Tips for using jasmine in herbal medicine and home remedies

Jasmine is associated with water and the moon. The oil is rubbed on the temples to promote feelings of well-being, optimism, and happiness. The scent of jasmine can gently lift the darkest of moods. Its heady fragrance stirs the senses.

Woman gets face massage with diluted jasmine essential oil
© Guy Shapira | Dreamstime Stock Photos

Jasmine makes an excellent facial massage.


Jasmine helps impotence and enables deep breathing.

The use of jasmine is known to increase spermatozoa and to help impotence. It regulates respiration, deepens breathing, and calms spasms associated with bronchitis.

Jasmine is called Mistress of the Night or Moonlight of the Grove.

Jasmine (Jasminum Grandiflorum or Jasminum Officinale) is known as Mistress of the Night. Jasmine has an intoxicating, sweet, and exotic scent that is definitely floral. In India, jasmine is considered the essence of mystery and magic. Indian women have used jasmine for centuries to scent their hair. Also known as Moonlight of the Grove, the scent of jasmine flowers is known to have a profound spiritual effect on some people.

Jasmine is known as King of Flowers.

Jasmine is usually used in oil form and is especially suited for aromatherapy. It is an anti-depressant and aphrodisiac (Cleopatra used jasmine to attract Mark Anthony). An old saying goes, “Rose is the queen of flowers. Jasmine is the king.”

Jasmine essential oil can be overpowering - use one drop at a time.

Jasmine oil is powerful. It should be used in very small quantities. Overuse can cause headaches. Jasmine has an unusual property in that it can be used as a stimulant or a relaxant depending on what the user needs.

Jasmine is an adaptigen - it energizes or relaxes depending on need.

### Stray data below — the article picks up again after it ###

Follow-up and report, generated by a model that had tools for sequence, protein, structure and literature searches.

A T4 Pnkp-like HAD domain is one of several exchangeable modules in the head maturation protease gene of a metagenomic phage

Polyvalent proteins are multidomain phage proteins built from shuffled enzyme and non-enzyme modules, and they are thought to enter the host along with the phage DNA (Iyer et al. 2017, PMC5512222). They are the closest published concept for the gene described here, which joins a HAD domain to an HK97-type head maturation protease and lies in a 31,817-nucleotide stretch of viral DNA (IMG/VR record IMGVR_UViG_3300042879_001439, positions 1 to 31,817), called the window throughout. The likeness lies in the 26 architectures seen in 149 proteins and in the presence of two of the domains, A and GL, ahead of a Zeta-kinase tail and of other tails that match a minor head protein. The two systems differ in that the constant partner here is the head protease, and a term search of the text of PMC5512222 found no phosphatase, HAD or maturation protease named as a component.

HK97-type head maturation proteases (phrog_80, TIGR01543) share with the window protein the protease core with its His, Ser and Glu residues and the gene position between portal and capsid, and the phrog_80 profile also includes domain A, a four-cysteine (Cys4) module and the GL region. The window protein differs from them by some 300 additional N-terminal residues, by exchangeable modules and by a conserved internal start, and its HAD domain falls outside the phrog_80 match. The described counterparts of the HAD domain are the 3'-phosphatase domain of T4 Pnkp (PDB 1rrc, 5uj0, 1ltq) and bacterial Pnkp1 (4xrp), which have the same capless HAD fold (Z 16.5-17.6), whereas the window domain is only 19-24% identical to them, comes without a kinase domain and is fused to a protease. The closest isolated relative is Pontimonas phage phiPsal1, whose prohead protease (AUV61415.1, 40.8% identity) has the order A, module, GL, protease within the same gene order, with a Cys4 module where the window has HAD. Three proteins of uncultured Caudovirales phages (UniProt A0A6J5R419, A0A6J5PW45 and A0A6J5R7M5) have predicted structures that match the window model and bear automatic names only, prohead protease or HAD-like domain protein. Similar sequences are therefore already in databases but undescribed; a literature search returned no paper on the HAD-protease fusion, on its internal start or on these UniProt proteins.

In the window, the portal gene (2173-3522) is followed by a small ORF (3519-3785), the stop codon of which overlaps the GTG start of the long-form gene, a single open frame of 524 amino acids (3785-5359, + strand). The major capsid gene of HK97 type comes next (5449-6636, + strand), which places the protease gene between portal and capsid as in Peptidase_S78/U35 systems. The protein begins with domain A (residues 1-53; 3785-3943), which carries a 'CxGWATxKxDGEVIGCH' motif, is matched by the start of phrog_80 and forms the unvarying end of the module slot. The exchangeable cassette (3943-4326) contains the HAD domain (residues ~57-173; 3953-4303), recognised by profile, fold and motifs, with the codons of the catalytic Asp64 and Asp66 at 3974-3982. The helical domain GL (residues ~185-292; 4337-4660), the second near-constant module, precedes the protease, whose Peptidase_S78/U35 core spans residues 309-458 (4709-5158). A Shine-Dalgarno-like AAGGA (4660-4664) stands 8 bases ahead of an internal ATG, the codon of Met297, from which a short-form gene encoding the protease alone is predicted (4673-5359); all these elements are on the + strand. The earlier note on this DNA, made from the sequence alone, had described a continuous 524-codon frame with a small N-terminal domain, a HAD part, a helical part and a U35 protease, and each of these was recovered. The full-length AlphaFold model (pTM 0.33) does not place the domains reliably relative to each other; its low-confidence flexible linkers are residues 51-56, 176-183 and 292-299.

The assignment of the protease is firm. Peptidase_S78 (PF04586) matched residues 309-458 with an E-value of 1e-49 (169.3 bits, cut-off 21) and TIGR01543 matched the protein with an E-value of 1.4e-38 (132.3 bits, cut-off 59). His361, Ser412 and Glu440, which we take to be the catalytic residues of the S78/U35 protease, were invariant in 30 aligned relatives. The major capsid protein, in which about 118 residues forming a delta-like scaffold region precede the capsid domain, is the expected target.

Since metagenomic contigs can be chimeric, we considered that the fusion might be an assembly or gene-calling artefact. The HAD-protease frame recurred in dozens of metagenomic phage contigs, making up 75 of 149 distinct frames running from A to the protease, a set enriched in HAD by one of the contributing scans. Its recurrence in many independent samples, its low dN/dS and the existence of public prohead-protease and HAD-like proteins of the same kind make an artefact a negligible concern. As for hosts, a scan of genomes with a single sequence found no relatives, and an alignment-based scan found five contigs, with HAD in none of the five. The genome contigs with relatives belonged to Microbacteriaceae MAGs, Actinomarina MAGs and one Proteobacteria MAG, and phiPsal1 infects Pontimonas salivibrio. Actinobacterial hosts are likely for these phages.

Need some energy? Apply a drop to each wrist and sniff often during exercise. Need to relax? Pour a few drops into a hot bath and soak for a while.

Dilute jasmine essential oil for use on skin tumors and skin ulcers.

Jasmine is known to help balance hormones. It is also a proven sedative and is used to treat tension and anxiety. Jasmine is sometimes used to strengthen contractions and control pain during labor. In a diluted state, Jasmine is used to help heal skin ulcers and tumors.

Jasmine increases skin elasticity.

Jasmine has a softening effect on skin. It helps prevent scarring by increasing the skin’s elasticity and is good for all skin types. For cosmetic use, mix jasmine oil with lavender and tangerine essential oil. Add to a good carrier such as almond or grape seed oil. This makes a wonderful blend for facial massage or for use in creams. Jasmine is also an excellent addition to use in full body massage.

Pure jasmine oil is deep-mahogany colored and very expensive.

The oil is extracted from the fresh flower petals through a process called enfleurage.

Jasmine fragrance is long lasting.

Jasmine is an ingredient in many fine perfumes and is considered a base note in the perfume industry. It is a long lasting fragrance. The blooming flowers exude a strong perfume at dawn. Each flower must be picked by hand for use in the enfleurage process. Jasmine blends well with rose and citrus essential oils like orange and neroli. Most jasmine essential oil is synthetic.

Jasmine likes warm weather.

The jasmine plant is a creeper, belonging to the oleaceae family. Jasmine has small, dark, shiny leaves with yellow or white flowers. It requires lots of sunshine and warm weather.

* Please consult with a healthcare professional before using any herbal remedies or essential oils.

Learn more about jasmine essential oil.

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Herb Articles by Janice Boling

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